fb-pixelShark bites off Conn. woman’s leg in Turks and Caicos, authorities say Skip to main content

Shark bites off Conn. woman’s leg in Turks and Caicos, authorities say

Vacationers ride an inflatable shark on Bight Beach in Turks and Caicos.Christopher Muther

A 22-year-old woman from Connecticut had her leg bitten off by a shark while snorkeling with a friend at a national park in Turks and Caicos, island authorities said Thursday.

The woman was at the Bone Yard dive site in Princess Alexandra National Park when she was attacked at about 3:07 p.m. on Wednesday, the Department of Environment & Coastal Resources said in a statement.

Royal Turks and Caicos Islands Police Force who responded to the scene to find “the female victim had her leg bitten off by a shark,” according to a statement posted to its website.

The woman was taken to the Cheshire Hall Medical Centre, where she was in serious condition, police said.

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She was not identified, nor was her hometown in Connecticut disclosed.

The attack is under investigation by police, according to the islands’ Department of Environmental & Coastal Resources.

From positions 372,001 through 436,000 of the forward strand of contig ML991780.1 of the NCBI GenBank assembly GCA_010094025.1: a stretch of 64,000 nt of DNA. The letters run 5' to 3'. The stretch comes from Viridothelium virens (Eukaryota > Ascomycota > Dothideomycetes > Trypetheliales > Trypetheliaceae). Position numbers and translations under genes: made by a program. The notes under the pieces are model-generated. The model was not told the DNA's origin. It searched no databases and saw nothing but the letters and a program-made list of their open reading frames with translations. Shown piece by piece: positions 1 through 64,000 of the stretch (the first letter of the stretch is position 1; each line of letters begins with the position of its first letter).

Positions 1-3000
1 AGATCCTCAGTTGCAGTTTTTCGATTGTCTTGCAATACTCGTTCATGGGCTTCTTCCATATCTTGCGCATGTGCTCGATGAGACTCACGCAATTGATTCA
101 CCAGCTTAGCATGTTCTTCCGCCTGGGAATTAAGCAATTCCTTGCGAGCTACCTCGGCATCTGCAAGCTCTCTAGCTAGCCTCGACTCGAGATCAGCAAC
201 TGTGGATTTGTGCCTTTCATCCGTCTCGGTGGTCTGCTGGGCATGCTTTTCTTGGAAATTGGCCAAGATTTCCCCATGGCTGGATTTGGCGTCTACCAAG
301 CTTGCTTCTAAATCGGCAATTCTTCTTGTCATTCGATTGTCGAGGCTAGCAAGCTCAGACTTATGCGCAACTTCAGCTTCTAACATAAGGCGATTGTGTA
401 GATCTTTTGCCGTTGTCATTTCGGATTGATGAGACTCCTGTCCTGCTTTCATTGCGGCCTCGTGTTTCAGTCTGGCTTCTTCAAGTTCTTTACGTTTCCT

The incident occurred in a portion of Princess Alexandra National Park that is a marine protected area in Turks and Caicos, an archipelago nation located south of the Bahamas.

“Though incidents such as these are highly unusual in the Turks & Caicos Islands, swimmers, snorkelers and divers and boat operators are reminded to exercise caution on the water,” the Department of Environment & Coastal Resources said.

“We remain committed to ensuring the safety of both our visitors and our treasured marine life,” the department added.

In a separate statement, Big Blue Collective, a tour boat agency, said the incident was “extremely rare and unfortunate.”

The two snorkelers were on a private trip outside the reef when the reef shark attacked, the statement said.

“Only two individuals were in the water, which was clear and calm, when a presumed Caribbean Reef Shark left one snorkeler with an injury due to what is known in diving circles as a case of mistaken identity,” Big Blue Collective said.

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The organization’s captains and office team got the woman out of the water and into an ambulance in 15-minutes, according to the statement.

“We applaud all the efforts of our team, the paramedics, and the emergency first aid responders,” Big Blue Collective said. “Our thoughts are with the victim, their family and loved ones at this time.”

This story will be updated when more information becomes available.



Adam Sennott can be reached at adam.sennott@globe.com.